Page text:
Explore the dying ghats of Kolkata with The Ganges Walk every Sunday this February
Travel in time as you take a walk down the iconic ghats of Kolkata and rediscover stories that the river has to tell
All great cities, they say, are built near water and it is no less true for the cultural capital of India-Kolkata. The Hooghly River, till date happens to be the heart and soul of Kolkata and the entire city is dotted with Ghats from the bygone era. The flights of steps leading down to the river that have inspired fascinating stories from centuries back, have also seen the city evolve over time. This winter, Explore the Dying Ghats by The Ganges Walk promises to give the history enthusiasts a delightful experience peppered with facts and myths surrounding the ghats in the city.
“The river has played a major role in shaping the history of Kolkata, which developed out of a small village named Sutanuti. Job Charnock, who is accredited with the founding of modern day Kolkata arrived here back in 1686 through the Ahiritola Ghat. Sutanuti used to be the soul for trade and commerce as most of the Zamindars and people who influenced Kolkata’s history were centred around it. They were the ones who controlled it. Hence, the tales of these ghats are not just facts from the past but also stories of these people,” says Atreyee, one of the two friends who will be conducting the walk.
Atreyee Basak and Poulomee Auddy of The Ganges Walk intend to take the participants on a two-kilometre long nostalgic journey which will commence at around 8 am, every Sunday of this month from Mutty Lal Seal Ghat and end with a bhnar of Malai chaai from a shop near Anandamayee Kali Temple, Nimtala Ghat.
“Both Poulomi and I were born in North Kolkata and we have been fortunate enough to grow up in houses reminiscent of glory and heritage. The meandering lanes and palatial buildings around have always fascinated us. As we grew up, we gathered information about these mansions by visiting them and talking to the present generations who live there. We want to rediscover the charm that beckoned travellers and traders from all corners of the world,“ adds Atreyee.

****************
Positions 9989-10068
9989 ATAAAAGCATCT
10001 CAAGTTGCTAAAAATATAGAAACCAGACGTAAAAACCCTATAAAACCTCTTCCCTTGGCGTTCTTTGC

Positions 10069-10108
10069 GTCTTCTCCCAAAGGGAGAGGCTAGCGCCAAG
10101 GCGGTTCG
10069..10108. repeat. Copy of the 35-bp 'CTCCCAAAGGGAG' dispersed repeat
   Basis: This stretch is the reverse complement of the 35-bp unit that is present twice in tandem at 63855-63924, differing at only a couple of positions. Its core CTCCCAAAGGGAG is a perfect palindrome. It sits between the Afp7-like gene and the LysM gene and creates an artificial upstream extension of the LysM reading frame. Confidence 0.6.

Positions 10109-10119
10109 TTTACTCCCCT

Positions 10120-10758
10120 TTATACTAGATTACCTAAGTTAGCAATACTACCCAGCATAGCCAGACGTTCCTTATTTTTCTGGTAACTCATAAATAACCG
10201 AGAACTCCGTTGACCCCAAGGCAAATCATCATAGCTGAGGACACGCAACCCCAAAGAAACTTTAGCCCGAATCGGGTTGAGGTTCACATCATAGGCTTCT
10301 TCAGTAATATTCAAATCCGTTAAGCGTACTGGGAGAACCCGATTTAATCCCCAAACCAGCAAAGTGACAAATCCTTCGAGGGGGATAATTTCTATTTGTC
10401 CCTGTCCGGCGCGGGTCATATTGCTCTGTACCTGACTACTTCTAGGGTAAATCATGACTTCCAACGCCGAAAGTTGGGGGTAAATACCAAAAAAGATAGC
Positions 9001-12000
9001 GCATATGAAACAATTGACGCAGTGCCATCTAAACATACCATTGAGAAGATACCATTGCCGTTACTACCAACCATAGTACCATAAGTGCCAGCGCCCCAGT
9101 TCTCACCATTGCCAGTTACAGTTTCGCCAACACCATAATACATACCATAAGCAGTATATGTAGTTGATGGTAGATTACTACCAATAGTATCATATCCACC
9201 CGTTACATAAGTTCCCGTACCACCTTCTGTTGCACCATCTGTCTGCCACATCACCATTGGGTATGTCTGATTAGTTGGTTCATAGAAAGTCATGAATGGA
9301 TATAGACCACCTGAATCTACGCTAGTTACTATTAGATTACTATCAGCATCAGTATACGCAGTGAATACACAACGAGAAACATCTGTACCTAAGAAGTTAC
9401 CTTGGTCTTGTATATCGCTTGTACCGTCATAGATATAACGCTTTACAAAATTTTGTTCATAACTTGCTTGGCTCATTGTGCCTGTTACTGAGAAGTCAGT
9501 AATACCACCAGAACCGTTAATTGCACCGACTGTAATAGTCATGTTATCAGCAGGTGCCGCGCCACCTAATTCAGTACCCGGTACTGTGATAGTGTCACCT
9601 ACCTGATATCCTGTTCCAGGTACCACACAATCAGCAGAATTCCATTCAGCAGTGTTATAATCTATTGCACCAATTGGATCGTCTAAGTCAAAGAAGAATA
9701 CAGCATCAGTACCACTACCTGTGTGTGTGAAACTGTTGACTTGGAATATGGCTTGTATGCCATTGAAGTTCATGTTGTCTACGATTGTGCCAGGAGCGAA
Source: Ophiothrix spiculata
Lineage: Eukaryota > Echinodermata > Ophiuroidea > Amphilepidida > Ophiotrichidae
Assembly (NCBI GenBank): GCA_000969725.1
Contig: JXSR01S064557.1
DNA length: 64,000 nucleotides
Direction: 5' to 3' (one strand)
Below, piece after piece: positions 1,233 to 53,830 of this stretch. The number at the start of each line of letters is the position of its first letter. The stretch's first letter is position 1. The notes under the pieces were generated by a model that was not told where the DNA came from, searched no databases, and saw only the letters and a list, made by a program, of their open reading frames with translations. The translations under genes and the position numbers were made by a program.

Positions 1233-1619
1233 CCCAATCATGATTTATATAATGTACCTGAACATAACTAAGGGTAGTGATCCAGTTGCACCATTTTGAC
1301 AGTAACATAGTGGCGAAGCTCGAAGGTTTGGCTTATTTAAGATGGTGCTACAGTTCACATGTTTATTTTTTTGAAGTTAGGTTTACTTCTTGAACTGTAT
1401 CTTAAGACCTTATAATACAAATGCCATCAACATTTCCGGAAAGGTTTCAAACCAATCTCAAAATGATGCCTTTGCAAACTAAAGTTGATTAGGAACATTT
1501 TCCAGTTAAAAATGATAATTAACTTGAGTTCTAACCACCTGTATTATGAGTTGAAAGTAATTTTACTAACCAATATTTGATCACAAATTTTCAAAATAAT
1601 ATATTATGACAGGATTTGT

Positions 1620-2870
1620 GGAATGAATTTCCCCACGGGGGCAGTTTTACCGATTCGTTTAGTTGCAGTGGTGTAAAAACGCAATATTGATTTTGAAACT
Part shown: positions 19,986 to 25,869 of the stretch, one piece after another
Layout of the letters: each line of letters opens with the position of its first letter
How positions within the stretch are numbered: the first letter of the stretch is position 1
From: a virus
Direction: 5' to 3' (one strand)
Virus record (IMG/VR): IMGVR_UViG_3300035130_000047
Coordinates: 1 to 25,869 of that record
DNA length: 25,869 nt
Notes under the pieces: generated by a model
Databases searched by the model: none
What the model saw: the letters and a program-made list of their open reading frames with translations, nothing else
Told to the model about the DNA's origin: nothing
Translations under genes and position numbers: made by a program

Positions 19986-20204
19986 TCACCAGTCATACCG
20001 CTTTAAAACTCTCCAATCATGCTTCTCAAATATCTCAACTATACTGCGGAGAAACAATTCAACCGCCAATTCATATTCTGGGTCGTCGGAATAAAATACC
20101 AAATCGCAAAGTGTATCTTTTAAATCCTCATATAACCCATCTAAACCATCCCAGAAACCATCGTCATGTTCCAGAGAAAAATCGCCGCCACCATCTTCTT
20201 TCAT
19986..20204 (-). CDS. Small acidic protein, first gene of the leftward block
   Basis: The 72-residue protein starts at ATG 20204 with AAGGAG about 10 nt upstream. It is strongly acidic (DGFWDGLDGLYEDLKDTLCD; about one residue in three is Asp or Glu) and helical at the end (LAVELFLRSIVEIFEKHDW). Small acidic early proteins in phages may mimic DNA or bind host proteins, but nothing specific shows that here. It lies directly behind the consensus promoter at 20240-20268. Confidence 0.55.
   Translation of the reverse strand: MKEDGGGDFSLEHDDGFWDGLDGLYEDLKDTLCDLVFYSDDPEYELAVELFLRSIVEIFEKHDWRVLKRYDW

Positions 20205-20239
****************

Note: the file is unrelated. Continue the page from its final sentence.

Most of these ghats are now dilapidated, and almost unrecognisable from a distance. The Mutty Lal Seal Ghat is one such place. The ghat was constructed by a virtuous businessman and philanthropist named Mutty Lal and stands as a fine example of classical Greek architecture with four tall Corinthian columns supporting the parapet. “Through this walk we want to make people aware of our heritage and how today it lies in utter disrepair,” expresses Poulomee.
The first stop will be followed by a visit to Chhotulal’s Ghat and Zenana Ghat. The Chotulal Ghat, also known as Chotelal Ki Ghat was named after Chhotelal Durga Prasad, an eminent lawyer. It was constructed in a mixed style of Hindu and Islamic architecture. Unfortunately, the entrance of the Ghat is now blocked from the view by the stalls of the flower market. On the other hand, Zenana Ghat was once extensively used by women for bathing. The Ghat with its typically beautiful dome and four minarets at the four corners look exactly like a mosque. The marble floor and the walls of the monument, ornamented with coloured plates add to its grandeur.
Next, the participants will be taken to the Armenian Ghat- a cast iron structure built exclusively for the docking of Armenian ships way before the British arrived, and later as railway reservation counter, Jagannath Ghat- a classical monument with a drum shaped crown on top originally known as Sovaram Bysack’s Ghat, Prasanna Kumar Tagore’s Ghat- a monument influenced by European architecture, and Nimtala Ghat- the first burning ghat of the country.
The walk will also explore a few century old shrines that dot the banks of the Ganges.
A River’s Memoir:
- Due to the shift in Ganga’s course towards the West, the river had left behind a land now known as Strand Road. The present day Nimtala ghat is the third ghat with the same name and stands at the conjuncture of Nimatullah Mosque and Anandamoyee Kali Temple. Most people believe that the ghathas derived its name from the mosque built by Mohammed Ramzan Ali for one of his ancestors named Niyamatullah. However, it is also believed that all these places get their names from a Neem tree that stood there towering over Anandamoyee Kali Temple, under which Charnock had sought shelter when he set foot on Bengal.
- Way before the Howrah Bridge we know today was built in 1943, the two shores were connected by a pontoon bridge which is considered as its first incarnation.
Information given by the organisers
Explore the Dying Ghats walk by The Ganges Walk will take place every Sunday throughout February at 8 am. Rs 500 per person